SEC top accountant discusses materiality in reporting errors
Paul Munter, Acting Chief Accountant at the US Securities and Exchange Commission (SEC), has published commentary on restatements and when errors should be considered material.
As he begins by emphasising, the focus of financial reporting should be to provide investors with high-quality data and enable them to make informed decisions. The materiality of such errors is therefore assessed according to “whether there is a substantial likelihood it is important to the reasonable investor.”
Restatements are required when material errors are discovered in filings to the SEC. Reissuance, or ‘Big R,’ restatements are required to correct errors determined to be material to previously-issued financial statements. Revision, or ‘little r,’ restatements may be made in the current period where errors are considered immaterial to prior statements, but where either correcting them or allowing them to go uncorrected without comment would cause a material error. Filers, auditors and audit committees are tasked with making an objective assessment of the materiality of errors based on the “total mix” of information available, regardless of the possible impacts of restatements – particularly Big R – such as reputational harm.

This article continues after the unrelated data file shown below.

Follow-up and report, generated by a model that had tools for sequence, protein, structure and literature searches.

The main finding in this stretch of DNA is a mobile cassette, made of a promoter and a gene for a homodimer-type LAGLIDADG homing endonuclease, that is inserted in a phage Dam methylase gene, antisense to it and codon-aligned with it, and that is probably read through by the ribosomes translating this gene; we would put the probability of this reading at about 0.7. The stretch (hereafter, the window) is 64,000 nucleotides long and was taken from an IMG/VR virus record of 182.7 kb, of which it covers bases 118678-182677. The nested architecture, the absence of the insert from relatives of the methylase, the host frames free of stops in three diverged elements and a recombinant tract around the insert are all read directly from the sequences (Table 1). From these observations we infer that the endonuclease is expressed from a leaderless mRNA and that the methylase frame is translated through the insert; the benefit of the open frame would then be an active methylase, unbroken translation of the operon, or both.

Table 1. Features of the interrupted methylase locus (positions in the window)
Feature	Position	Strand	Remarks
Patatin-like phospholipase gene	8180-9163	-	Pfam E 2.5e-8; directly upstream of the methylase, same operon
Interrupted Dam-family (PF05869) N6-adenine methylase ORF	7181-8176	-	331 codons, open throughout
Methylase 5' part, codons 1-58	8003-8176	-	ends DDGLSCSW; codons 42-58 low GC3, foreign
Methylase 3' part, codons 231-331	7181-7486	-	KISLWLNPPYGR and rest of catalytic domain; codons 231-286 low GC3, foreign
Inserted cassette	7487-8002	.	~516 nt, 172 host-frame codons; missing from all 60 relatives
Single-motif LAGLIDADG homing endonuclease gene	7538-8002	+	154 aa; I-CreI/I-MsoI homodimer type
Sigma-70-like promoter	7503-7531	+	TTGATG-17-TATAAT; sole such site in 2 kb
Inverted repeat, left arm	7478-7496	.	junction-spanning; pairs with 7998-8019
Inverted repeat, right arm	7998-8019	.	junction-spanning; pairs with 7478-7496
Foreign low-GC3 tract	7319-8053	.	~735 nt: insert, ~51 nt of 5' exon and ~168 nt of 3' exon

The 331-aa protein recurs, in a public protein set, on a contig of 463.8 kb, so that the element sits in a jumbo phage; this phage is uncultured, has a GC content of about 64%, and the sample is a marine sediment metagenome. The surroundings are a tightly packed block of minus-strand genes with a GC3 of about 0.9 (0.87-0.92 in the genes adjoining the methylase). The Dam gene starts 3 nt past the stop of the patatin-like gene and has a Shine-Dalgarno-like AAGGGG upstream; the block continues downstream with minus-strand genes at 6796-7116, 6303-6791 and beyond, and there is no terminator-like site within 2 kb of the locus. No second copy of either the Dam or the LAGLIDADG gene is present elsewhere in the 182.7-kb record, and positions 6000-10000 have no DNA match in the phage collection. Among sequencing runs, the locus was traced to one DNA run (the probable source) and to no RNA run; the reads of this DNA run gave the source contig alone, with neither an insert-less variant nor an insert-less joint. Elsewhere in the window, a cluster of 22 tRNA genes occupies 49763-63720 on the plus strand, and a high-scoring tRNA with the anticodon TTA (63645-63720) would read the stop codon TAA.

Munter observes the interesting phenomenon that the proportion of little r restatements has risen from 35% of the total in 2005 to 76% in 2020. While this may be down to improvements in internal controls over financial reporting and audit quality, there is a concern that it may reflect a growing bias towards preferable outcomes. The SEC is therefore continuing to monitor this issue. Munter refutes the arguments often made that financial statements or specific line items are irrelevant to investors’ decisions, or that widespread errors should not be considered material because of a lack of intention to misstate. He also touches on other concerns, including the distinction between material error and material weakness, and the need for effective quality control systems.
It is clear that he considers the correction of errors an essential aspect of the reporting process, and, he concludes: “When investor needs are not adequately considered, investors can lose confidence in financial reporting, threatening a foundational principle upon which our capital markets system is built.”
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